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Fast-food restaurants' express kiosks have been popular around the world, but McDonald's and other major chains have so far been reluctant to introduce them in the United States, according to a report by the Chicago Tribune .
Proponents say many customers prefer to take control of their order, rather than idling in line. They can order fries by just touching a picture of them on the screens of the machines developed by Miami-based Boink Systems Inc., Radiant Systems Inc. of Atlanta and RoboServer Systems Corp. of Las Vegas.
But while major restaurant chains such as McDonald's Corp., Taco Bell, Burger King and Dairy Queen have considered the idea, none has ordered a roll-out of the technology.
"The country is not quite ready for self-serve," said Devin Green, chief executive of ESP Systems LLC, which is deploying a system for alerting a restaurant's staff that a patron needs service. "This is a people business. People go to a restaurant to be served."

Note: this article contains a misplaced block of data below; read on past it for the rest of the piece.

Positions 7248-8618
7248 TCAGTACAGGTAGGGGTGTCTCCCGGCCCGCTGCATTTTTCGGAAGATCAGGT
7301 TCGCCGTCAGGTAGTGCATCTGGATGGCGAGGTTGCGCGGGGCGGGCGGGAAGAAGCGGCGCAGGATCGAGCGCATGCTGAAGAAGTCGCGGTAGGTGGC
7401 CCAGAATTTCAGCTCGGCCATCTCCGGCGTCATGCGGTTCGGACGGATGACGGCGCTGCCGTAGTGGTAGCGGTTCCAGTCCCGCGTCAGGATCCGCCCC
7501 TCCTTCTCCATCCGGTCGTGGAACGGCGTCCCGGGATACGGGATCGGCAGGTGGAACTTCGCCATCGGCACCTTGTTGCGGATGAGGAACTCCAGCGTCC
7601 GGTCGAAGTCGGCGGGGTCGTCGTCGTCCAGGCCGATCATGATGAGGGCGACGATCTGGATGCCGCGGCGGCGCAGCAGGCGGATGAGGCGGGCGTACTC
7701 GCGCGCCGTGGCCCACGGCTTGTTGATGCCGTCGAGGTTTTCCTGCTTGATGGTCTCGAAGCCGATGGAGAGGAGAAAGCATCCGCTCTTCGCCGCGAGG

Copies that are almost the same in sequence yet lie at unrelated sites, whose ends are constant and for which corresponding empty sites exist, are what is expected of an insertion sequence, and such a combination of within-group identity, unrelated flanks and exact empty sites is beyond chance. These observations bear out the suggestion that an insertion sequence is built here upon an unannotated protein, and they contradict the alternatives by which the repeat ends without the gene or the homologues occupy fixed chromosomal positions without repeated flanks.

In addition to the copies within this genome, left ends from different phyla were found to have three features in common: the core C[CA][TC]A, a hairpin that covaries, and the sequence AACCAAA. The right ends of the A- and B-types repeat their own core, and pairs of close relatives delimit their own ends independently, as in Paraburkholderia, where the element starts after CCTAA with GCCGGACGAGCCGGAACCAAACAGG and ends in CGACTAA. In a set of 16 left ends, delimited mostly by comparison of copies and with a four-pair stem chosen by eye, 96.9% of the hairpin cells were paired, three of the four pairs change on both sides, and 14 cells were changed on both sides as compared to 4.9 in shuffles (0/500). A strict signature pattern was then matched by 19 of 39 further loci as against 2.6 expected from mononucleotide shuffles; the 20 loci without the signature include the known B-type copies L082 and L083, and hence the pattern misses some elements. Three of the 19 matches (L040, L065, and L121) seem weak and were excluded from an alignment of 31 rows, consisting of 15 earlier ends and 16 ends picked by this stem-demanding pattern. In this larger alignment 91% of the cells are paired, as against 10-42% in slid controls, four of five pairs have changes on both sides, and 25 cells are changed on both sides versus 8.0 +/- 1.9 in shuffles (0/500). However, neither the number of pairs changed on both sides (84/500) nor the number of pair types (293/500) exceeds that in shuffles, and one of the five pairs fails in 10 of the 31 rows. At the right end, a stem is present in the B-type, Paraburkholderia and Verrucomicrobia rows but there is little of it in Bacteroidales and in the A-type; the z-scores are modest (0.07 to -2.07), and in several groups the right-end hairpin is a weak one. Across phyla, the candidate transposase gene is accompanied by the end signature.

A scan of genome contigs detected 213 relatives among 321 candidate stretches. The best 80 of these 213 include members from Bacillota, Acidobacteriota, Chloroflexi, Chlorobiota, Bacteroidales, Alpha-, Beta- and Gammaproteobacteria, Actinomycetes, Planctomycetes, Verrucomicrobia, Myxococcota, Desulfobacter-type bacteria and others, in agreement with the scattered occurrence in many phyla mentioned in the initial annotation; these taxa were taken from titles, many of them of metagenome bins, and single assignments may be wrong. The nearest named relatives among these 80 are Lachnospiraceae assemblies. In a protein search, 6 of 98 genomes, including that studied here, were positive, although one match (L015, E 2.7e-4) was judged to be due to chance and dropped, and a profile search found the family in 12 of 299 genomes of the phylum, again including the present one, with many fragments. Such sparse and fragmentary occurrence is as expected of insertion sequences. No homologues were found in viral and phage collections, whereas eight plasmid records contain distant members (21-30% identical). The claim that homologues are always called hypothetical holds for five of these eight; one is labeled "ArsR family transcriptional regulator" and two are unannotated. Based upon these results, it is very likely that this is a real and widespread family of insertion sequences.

Bill Whitman, a spokesman for Oak Brook-based McDonald's, told the newspaper that self-serve isn't ready yet for prime time, at least at the Golden Arches.
"The opportunity that we see with kiosks is largely with convenience with customers in the play area. Beyond that, it is not a major priority in the U.S.," he said, saying the world's largest restaurant chain, with nearly 32,000 stores, has ended its tests of the ordering system at restaurants in the Denver area and in a restaurant in St. Charles.
A spokeswoman for Radiant, which sells a free-standing and table-side kiosk, said the company believes a system it sells that can be used by customers to see a display of what they ordered may serve as a bridge to the self-serve machines.
"Our machine is a step in between that gives the customer the ability to pay if they want," said Leslie Miller a spokeswoman for the company, saying it is used more to confirm orders and take payments while freeing the cashier for other work. "It will get the customer comfortable with self-service."